Source: YouTube


After two seasons, the University of Louisville is parting ways with Kenny Payne as head coach of the men’s basketball team after the Cards finished in an overall 12-52 record.

“Kenny has given a great deal to this university over a span of nearly 40 years, and he will always be a valued member of our Louisville family,” Director of Athletics Josh Heird said. “When we brought Kenny home in 2022, no one had a stronger belief than me in his potential success, but it’s become clear that a change is needed to help this program achieve what is expected and attainable. While it is always difficult to make a coaching transition, this is the right one for our program. On behalf of myself and everyone involved with our men’s basketball program, I want to thank Kenny for his dedication to UofL. I wish him and his family the very best in their future.”

The announcement comes after the Cards lost in the opening round of the ACC Tournament to NC State 94-85 on Tuesday, ending the season with an 8-24 record and an eight-game losing streak. Four of those were home games.

“I think when you lose hope – at least, for me, if I ever lose hope in this business, I probably don’t want to be in this business,” Heird said about the decision to move on. “Literally, last night I caught myself getting really frustrated when there were a few open 3s by the opposing team, because I was still cheering for our basketball team. So, it wasn’t ‘hey, this was the date,’ it was just, I kept looking for hope – is there something here? And there were a couple of glimpses of that. We had the Miami game, the Florida State game and it’s like, ‘hey can this be sustained, can we start to see some progression here?’ And then you look back and you reflect, ‘hey I just didn’t see enough of that,’ and so we made the decision we made.”

Payne was hired in March 2022 after signing a six-year contract hoping to lead the basketball program but ended up finishing 4-28 in his first season. Attendance in the KFC Yum! Center has continued to drop during his tenure and the calls for his job from the fan base on social media and the radio have been loud.

“I think the thing that really stood out to me initially, relative to Kenny, was his ability to interact and connect with players and student-athletes. It was clear he had a proven track of that. His ability to recruit – he has a proven track record of that. His connection to the university – I thought that was going to be a benefit,” Heird said about the qualities that led to the Payne hire. “And then from there, you look at some areas that you missed on, and they were unknowns for a first-time head coach. Do they have the ability to put a staff together and understand your strengths and weaknesses? Can you put a staff around you that complements your strengths and weaknesses?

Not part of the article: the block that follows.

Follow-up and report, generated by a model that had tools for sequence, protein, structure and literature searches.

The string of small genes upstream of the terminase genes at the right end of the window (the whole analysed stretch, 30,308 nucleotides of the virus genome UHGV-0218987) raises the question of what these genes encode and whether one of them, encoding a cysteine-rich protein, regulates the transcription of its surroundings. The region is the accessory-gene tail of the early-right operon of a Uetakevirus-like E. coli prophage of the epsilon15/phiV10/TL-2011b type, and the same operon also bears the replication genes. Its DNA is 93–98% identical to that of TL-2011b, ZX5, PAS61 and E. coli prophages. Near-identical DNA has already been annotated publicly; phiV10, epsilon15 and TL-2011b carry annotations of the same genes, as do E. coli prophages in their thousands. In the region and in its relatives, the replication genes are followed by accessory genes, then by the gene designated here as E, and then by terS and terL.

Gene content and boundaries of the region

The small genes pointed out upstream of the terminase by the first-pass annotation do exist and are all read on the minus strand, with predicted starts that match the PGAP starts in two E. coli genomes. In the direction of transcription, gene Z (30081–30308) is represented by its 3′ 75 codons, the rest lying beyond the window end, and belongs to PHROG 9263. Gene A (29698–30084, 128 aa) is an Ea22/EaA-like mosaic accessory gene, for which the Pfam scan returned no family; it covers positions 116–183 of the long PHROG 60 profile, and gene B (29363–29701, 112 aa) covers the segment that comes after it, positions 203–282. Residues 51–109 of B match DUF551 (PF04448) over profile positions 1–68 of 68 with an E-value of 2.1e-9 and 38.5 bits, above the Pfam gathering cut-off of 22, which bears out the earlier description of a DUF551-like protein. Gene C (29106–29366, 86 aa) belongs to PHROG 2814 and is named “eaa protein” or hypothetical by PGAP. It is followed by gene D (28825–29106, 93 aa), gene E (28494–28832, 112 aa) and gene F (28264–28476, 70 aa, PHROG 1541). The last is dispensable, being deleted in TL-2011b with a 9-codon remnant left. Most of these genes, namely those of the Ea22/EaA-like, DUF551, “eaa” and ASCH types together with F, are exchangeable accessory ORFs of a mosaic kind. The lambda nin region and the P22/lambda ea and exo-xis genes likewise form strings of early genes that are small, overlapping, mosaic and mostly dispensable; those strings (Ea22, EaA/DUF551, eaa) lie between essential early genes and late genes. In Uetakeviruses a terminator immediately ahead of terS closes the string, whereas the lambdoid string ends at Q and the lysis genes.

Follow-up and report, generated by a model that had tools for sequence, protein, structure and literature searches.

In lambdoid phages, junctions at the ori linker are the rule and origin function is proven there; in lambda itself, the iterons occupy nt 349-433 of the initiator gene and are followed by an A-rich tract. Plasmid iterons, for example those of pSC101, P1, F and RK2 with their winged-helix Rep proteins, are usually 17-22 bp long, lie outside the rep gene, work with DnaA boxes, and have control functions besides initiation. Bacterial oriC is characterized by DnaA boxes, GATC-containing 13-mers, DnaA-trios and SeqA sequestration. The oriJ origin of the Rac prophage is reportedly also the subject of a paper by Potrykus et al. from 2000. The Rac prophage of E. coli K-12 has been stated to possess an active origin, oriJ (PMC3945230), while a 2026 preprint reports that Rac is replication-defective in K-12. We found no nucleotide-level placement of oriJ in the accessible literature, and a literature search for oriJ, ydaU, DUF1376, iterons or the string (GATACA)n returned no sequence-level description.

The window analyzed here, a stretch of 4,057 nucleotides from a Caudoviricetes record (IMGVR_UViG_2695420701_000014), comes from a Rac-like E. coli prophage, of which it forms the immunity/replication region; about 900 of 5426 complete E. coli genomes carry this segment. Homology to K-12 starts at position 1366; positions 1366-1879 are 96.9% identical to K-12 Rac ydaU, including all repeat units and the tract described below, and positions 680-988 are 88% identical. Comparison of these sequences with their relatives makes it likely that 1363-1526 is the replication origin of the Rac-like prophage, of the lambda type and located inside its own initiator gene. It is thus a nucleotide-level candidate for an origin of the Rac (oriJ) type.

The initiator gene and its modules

“I’ve used the term organizational leadership at times, and I think that’s a skill that you don’t just wake up and have. I’m a first-time athletic director, and I struggle with it all the time. How do we manage a staff and put staff into appropriate decisions to be successful? How do we hold people accountable? How do we set expectations? All those things,” he added. “I think anybody who has led an organization or group of people understands that it’s the hardest thing. I say it all the time – the hardest thing about being a manager is managing people. Kenny had never really been given that opportunity to manage a larger group of people, and I think there was times that it was difficult.”

After Tuesday’s game, Payne said he believes he needs more than two years to turn things around.

“When I walked into the program as the new head coach, I talked about how I needed everybody on the same page,” he said during the post-game conference. “We sort of forgot that. I talked about how I’m not going to let you blame me. I’m not standing up here by myself. I need all of Louisville with me. We sort of forgot that. I talked about how it’s going to take time, and I’m going to watch and see who jumped on and off the Titanic. We sort of forgot that. We talked about I gave a specific time. I said three or four years. And I’m good with it. That’s what I believed at that time, and that’s what I still believe it takes to fix this program.”

If he is let go, the University of Louisville will owe him a contract buyout of around $8 million. If the Cards wait until April 1, Payne’s buyout drops from $8 million to $6 million.

“I’ve been very committed to making sure that Kenny was going to have two full years. So, I did not have any contact with his representation until after the end of the game last night,” Heird said about that buyout. “I initiated those conversations last night and Kenny and I had a conversation once he got back to Louisville and we will continue to work through those contract details. I don’t have any more information for you than that right now.”

A national search for his replacement begins immediately.

More about: